headquartered in New York City with offices in Toronto and London.

"Innovest is a company that produces environmental
performance ratings of nearly 1,200 publicly-traded companies
around the world," he says

"The rationale for our research is that good environmental performance is a
proxy for, and indicator of, good management in general, and good management
has always been seen by the
investment community as an excellent indicator of good financial
performance," says Cusak.

Cusak claims financial clients using Innovest's corporate financial
environmental data for fund benchmarking and research include ABN AMRO,
Mellon Capital , T.R. Price, Schroders Asset Management, Newberger Berman,
Lombard Odier, CALPERS, Rockefeller & Co., Brown Brothers Harriman,
Glenmeade Trust, Fidelity, Credit Suisse, Zurich Scudder, Societie Generale,
Wellngton Capital, and State Street Global Advisors.

European accounting standards bodies actively lobbying for mandated
corporate financial environmental accounting rules are also responding to
the financial community's demands for risk management data.

"The 'bean counters' (accounting bodies) want this for a very specific
reason, at least in the UK," says Camilla Hair, a corporate accountability

" We have one main driver here:  risk management.  The 'Turnbull Report'
now incorporated as part of the listing rules of the London Stock Exchange,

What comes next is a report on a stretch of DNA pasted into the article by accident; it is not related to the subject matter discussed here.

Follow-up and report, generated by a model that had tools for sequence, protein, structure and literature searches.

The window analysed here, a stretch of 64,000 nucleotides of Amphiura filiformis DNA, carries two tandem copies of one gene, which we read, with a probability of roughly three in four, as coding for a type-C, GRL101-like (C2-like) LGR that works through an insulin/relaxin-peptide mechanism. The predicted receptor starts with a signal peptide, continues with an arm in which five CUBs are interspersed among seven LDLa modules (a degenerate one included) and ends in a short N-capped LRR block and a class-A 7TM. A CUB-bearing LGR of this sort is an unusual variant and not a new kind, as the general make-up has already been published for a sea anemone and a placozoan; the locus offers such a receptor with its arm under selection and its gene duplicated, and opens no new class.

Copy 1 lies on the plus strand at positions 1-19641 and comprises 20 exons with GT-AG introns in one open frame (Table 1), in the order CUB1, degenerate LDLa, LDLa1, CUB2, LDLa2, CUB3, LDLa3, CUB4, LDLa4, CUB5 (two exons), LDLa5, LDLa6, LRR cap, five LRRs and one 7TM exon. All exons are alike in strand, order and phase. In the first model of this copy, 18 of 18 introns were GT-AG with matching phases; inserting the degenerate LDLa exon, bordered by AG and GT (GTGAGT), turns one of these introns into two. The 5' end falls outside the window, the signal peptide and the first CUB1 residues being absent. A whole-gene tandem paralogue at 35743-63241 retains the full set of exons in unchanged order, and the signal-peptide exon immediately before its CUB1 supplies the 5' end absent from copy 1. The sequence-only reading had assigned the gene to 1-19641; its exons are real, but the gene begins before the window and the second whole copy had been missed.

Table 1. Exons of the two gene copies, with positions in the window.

requires all listed companies to make a statement on the management of the
risks 'significant to the business' (environmental, social and reputational
risks are specifically mentioned), in all annual reports issued after
mid-December 2000," she says.

>From a FEE perspective, there has been little response at the IAS to the
develop IAS standards for environmental financial accounting and auditing to
assist the newly developed risk management transparency rules .

"IAS simply doesn't get the message," says  Christine Jasch, who is also
working with the United Nations Environmental Management Accounting (EMA)
working group in developing  a network for implementation of environmental
accounting worldwide.

"Some years from now, believe me, corporate environmental financial
accounting will be just as common as environmental management systems are
today," says Jasch.

(c) Donald Sutherland 2001